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Can ‘Assassin’s Creed’ break the game-to-movie curse?

Cloak and dagger: Michael Fassbender gets physical in Assassin’s Creed.

Assassin’s Creed, released by 20th Century Fox, takes off from the hugely popular video game series by Unisoft. How huge is it? At the preview I attended, grown men were taking time away from their video game controls to line up to see the action thriller starring Michael Fassbender and Marion Cotillard.

It helps to take the movie as seriously as it takes itself. Though this is, admittedly, difficult at times. As shown in the opening, Fassbender is a man out of time: we see him in unshaven form, donning an assassin’s cloak somewhere in Spain in the 15th century. After some somber, moody moments, it becomes clear he is there to release some furious martial arts and killing skills, in order to retrieve… something. What that is becomes clear a later.

Jump forward in time, and Fassbender is a young boy — Callum Lynch — in 1980s Texas, seeing something terrible go down in his home. He spends the following decades on the run, getting into trouble with the law, until he is sentenced to lethal injection — all the while cursing his father (Brendan Gleeson) for an act of family violence he can never forgive.

This is a pretty good setup for what amounts to a series of game rounds: Callum, it turns out, has been rescued from lethal injection and is participating against his will in The Animus Project: a state-sponsored experiment to cure mankind of violence. Father scientist Alan Rikkin (Jeremy Irons) and daughter Sophia (Cotillard) tend to a prison full of convicted murderers who are test subjects in a bid to find the genetic seed of violence in man. The subjects are strapped to a device (not unlike one of those arcade games with a claw to snatch prizes) that enables them to burrow down into their buried genetic memories — and come out fighting.

Visually, Justin Kurzel’s dystopic future is grim and dreary, but at least striking in its testing room, where Callum is hooked up and plunged mentally into the 15th century. You might even say Kurzel is “visionary,” though that adjective is getting thrown around way too much in movies these days. “From visionary director ___” gets itself slapped onto every movie trailer with even a slightly different look. It’s not even usually an original look, just a “look.” Call it the Used Future Science Fiction Look. And isn’t every director, by definition, “visionary,” unless they’re blind like Woody Allen’s character in Hollywood Ending?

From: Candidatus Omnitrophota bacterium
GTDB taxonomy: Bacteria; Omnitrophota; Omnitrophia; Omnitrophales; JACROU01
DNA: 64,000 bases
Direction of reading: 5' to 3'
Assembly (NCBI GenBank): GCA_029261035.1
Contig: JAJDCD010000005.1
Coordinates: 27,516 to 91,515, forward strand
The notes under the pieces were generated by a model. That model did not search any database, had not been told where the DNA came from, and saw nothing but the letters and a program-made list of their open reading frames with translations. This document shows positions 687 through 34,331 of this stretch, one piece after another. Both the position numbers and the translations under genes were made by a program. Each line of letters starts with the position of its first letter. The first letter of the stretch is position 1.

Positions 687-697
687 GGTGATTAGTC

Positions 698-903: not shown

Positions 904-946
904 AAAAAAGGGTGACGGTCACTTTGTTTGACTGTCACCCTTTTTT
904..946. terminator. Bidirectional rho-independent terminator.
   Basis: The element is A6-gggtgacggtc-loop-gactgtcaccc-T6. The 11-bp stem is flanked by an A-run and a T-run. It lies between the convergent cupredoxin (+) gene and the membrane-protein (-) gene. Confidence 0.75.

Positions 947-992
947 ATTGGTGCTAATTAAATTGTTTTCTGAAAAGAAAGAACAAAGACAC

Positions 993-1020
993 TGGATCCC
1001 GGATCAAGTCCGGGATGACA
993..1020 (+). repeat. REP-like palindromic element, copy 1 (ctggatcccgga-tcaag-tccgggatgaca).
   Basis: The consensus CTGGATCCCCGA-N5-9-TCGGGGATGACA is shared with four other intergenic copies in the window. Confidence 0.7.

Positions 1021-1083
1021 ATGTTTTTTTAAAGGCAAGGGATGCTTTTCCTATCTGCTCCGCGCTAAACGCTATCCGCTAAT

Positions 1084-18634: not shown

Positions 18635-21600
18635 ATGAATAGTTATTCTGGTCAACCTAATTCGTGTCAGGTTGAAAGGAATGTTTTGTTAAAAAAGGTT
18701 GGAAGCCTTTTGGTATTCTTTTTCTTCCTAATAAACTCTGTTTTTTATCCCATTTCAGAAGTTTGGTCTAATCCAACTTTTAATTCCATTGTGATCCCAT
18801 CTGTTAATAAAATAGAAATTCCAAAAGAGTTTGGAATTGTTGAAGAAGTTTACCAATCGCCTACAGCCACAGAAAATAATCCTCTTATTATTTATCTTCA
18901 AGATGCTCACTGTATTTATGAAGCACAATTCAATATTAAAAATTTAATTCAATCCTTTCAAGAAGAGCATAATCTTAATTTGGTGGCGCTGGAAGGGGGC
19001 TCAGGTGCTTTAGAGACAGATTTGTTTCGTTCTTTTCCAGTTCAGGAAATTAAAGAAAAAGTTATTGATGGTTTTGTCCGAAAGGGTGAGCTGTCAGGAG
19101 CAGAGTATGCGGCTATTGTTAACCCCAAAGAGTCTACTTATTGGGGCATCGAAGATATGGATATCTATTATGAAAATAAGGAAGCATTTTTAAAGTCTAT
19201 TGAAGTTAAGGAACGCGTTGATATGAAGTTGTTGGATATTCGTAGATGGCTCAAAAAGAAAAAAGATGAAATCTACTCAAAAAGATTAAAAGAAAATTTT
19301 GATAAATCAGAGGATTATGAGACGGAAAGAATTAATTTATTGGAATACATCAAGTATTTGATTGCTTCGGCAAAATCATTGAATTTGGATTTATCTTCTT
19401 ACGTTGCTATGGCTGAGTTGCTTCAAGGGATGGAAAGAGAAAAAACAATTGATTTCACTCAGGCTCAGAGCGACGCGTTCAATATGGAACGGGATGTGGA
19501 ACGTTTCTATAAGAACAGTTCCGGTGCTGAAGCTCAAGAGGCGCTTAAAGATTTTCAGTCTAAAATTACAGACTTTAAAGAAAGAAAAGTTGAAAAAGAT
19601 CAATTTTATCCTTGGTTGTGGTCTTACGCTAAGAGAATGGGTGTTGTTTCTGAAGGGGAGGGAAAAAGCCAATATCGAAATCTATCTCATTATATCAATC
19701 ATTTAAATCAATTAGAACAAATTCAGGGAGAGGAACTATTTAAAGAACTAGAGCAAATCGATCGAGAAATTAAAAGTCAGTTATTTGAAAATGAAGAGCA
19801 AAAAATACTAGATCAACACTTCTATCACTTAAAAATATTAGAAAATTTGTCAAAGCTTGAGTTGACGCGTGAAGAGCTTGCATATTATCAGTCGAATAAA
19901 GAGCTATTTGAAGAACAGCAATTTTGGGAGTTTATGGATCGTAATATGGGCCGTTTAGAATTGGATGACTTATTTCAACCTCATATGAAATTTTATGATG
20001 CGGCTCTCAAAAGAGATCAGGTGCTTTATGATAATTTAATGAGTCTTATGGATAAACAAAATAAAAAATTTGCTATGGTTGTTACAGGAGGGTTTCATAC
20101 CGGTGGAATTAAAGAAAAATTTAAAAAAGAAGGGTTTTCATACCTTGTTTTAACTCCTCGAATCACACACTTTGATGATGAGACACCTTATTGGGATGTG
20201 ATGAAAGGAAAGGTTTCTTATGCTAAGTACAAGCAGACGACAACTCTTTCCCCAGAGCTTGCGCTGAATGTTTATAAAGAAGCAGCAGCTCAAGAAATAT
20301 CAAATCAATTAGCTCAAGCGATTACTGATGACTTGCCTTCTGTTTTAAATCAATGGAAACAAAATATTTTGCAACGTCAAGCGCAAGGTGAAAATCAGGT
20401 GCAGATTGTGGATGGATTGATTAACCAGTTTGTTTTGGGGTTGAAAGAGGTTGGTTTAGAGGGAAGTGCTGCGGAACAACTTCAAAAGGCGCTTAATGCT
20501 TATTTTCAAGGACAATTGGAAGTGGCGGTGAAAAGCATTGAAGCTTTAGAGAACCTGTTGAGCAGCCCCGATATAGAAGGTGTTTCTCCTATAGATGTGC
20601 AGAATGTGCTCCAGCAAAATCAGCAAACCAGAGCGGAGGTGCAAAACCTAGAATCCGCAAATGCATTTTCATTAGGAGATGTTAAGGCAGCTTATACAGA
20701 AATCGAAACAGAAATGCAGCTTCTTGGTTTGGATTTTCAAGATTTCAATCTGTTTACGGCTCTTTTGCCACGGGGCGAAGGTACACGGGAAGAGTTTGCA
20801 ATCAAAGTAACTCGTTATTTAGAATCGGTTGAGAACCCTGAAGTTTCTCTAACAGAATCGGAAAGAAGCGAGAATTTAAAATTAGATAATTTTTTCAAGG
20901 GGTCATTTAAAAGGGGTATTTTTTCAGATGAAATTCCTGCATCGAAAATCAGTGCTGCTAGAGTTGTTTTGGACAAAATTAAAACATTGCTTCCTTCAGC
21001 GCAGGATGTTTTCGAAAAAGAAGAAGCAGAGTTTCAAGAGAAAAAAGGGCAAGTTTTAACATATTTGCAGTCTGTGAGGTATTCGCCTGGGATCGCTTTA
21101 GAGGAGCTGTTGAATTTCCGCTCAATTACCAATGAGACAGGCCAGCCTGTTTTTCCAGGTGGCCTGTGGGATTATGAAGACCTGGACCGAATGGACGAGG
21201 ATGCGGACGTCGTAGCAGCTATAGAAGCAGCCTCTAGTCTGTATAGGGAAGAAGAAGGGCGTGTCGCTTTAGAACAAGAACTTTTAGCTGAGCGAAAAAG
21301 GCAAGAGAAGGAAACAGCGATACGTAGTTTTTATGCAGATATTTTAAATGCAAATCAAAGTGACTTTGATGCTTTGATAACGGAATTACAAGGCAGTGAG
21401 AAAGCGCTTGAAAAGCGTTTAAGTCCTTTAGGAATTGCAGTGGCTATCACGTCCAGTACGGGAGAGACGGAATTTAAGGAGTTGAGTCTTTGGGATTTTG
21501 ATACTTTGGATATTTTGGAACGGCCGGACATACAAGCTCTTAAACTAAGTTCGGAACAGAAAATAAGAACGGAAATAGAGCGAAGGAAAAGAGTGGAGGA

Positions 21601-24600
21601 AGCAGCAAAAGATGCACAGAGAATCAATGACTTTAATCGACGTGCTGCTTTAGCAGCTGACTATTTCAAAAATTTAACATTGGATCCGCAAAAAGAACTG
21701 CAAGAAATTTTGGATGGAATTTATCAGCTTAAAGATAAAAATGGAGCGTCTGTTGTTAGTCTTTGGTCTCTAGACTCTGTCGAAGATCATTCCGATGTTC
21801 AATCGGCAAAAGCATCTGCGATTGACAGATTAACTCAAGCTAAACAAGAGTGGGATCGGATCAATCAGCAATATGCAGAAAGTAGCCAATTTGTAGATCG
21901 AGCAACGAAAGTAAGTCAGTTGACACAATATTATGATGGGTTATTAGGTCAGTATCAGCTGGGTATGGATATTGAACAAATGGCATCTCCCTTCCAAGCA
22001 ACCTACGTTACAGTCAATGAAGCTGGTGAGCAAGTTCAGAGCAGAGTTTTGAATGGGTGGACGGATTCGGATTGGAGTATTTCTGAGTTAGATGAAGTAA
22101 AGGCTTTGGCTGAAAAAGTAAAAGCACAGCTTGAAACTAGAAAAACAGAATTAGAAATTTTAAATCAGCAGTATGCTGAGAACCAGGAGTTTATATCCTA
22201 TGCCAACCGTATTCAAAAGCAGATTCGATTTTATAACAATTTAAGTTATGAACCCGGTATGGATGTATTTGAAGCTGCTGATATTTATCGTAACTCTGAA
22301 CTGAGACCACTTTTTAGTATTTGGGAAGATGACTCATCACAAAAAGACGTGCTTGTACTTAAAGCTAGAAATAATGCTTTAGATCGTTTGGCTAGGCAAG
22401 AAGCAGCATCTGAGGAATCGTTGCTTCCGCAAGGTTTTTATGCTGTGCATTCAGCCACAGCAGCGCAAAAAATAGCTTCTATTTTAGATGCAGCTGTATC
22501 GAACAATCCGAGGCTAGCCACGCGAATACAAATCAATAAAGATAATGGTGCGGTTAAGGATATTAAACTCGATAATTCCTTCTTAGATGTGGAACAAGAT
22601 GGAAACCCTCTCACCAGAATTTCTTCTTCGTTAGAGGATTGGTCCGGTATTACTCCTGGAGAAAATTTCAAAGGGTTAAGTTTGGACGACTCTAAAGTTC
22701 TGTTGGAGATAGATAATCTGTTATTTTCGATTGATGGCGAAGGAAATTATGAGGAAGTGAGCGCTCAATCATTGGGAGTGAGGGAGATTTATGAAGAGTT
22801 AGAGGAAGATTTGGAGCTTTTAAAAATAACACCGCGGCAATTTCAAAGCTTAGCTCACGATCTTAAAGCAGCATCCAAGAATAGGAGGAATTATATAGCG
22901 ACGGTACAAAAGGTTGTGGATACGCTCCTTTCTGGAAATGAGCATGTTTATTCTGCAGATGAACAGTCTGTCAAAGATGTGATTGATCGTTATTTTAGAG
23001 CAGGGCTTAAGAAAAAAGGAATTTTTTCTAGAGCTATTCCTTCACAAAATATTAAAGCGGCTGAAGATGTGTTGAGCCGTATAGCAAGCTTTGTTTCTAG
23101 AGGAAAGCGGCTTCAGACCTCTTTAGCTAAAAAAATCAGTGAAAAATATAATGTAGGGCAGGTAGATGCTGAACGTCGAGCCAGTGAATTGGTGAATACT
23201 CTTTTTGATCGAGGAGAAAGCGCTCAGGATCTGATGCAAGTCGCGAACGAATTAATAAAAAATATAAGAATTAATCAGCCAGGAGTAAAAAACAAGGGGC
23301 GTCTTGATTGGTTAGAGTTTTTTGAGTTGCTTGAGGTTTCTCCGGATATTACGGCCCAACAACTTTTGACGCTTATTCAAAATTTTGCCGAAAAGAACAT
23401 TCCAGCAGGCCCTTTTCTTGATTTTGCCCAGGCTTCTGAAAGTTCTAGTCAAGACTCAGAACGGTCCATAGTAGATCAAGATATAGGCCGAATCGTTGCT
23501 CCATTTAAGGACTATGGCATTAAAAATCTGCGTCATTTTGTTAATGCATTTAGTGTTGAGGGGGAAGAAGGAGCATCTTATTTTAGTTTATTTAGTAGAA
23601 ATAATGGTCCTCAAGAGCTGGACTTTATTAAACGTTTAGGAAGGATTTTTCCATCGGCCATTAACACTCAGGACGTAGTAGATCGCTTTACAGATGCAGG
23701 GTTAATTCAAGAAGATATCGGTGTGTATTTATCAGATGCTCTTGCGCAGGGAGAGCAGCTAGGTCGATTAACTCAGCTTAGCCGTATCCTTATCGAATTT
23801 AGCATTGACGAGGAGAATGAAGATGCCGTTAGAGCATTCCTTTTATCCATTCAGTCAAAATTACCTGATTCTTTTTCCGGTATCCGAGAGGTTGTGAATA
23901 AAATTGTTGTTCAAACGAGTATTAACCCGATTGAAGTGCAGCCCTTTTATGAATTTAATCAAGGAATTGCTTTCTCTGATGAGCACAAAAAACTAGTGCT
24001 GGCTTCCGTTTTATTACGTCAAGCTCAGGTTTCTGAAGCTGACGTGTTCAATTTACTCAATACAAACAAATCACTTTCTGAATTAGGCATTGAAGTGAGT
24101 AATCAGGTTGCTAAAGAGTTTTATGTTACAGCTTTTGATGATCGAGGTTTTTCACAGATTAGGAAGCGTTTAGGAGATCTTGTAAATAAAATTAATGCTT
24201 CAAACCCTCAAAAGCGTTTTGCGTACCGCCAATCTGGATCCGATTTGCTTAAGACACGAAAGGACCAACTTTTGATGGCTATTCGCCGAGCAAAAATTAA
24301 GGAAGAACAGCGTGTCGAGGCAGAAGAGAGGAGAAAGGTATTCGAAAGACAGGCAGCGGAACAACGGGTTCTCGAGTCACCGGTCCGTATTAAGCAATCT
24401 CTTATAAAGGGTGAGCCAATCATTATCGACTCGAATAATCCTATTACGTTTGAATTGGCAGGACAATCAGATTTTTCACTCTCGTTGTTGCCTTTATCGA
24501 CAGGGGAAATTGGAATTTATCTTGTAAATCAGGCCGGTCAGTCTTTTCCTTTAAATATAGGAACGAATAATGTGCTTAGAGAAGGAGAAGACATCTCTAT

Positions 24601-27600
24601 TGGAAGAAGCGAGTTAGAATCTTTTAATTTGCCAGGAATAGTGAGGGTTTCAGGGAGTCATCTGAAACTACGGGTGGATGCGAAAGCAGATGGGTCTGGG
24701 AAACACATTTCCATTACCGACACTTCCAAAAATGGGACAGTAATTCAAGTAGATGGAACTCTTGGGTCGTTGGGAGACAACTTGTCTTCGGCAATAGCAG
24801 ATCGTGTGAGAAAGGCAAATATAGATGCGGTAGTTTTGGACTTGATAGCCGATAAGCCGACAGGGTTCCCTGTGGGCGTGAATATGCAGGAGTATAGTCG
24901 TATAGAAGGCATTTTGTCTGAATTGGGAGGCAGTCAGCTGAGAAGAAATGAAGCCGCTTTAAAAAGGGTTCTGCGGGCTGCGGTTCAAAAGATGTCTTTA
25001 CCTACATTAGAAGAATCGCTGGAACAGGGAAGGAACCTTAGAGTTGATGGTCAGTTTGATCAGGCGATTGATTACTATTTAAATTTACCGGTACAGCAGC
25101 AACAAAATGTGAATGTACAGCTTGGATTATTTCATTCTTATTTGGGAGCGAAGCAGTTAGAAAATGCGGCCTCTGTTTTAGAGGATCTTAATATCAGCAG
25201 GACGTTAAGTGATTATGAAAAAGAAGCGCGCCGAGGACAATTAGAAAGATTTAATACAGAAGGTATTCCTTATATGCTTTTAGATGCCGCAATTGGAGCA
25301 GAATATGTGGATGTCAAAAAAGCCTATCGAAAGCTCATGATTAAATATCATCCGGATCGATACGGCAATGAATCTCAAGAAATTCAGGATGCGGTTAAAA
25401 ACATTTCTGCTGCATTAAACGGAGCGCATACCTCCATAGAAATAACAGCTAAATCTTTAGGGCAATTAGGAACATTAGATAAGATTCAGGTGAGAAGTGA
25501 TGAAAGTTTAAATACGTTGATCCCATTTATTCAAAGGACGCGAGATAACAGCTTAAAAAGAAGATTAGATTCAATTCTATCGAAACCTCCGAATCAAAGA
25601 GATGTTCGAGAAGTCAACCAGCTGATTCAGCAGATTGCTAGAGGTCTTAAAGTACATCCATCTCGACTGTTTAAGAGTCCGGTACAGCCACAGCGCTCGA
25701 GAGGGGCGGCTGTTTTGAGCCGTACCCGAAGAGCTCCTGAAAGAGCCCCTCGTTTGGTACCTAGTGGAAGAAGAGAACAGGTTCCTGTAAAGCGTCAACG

Marion Cotillard introduces Fassbender to The Animus Project.

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But I digress. How close is Assassin’s Creed the movie to Assassin’s Creed the video game? Remarkably similar, it turns out. You are that guy in cloaked hood with archer’s kit, swords and various killing devices, navigating a Spanish villa in “free roam mode,” using your Parkour skills to scale walls and rooftops, leaping off of tall buildings into azure waters and swimming like an otter. There’s that subtle but persistent drumbeat in the background to keep your adrenaline going during the lead-up to battle. The movie echoes the game, adding a few layers of grime in the process. Not to mention a few layers of pretentiousness.

What’s the idea behind all of this? It has something to do with Hassan i-Sabbah, the high priest of assassins in Vladimir Bartol’s 1938 novel Alamut, whose creed (“Nothing is true, everything is permitted”) has been adopted by writers as diverse as William Burroughs and, by extension, Aleister Crowley. I’m willing to bet only a handful of Assassin’s Creed players actually read the book, but they sure like reciting that line: even prior to the preview screening, kids in assassin gear were coaxed into reciting it onstage to win giveaway prizes.

Though it may strike some as nihilistic, the creed helps us to understand, a little bit, the motivation for the nonstop video violence of the movie. The assassins are fighting against a group called the Templar Order which has also existed for centuries. Their goal is not to eradicate violence in some politically correct, bleeding heart liberal kind of way — they just want to get rid of man’s free will, so that we can be under state control. So, dystopia, yada-yada-yada.

The action scenes in Assassin’s Creed are good enough, seeing the world as we do through Fassbender’s eyes, though the whole “go under/fight/wake up/reset” thing reminds us of other, more interesting premises that have come before, such as The Matrix, Inception, The Day After Tomorrow, etc. It will probably appeal to the game fanatics the most, though they may also rebel at the lack of details or crucial variations from the video series. The movie resolves itself into a simple quest that leads to a switcheroo that leads to a setup for a sequel. Cotillard is surprisingly lifeless here, playing a doll-like daughter who speaks in a monotone. Definitely a far cry from her last outing in Allied with Brad Pitt. Fassbender, for his part, seems to be taking the whole thing very seriously, buffing up for the role, showing off some martial arts training. You’d think, at this point in his career, he wouldn’t be craving to get locked into yet another Hollywood action franchise, but who knows? He could be a rabid Assassin’s Creed gamer himself.

Ultimately, the payoff of Assassin’s Creed is not something that will hook non-game fans, who have seen enough dystopic sci-fi movies to know every twist that’s coming and every danger that’s lurking behind every well-grimed castle corner and doorway. We’ve been here before, or it certainly feels like we have, many, many times in the past. Perhaps it’s our genetic memory kicking in.

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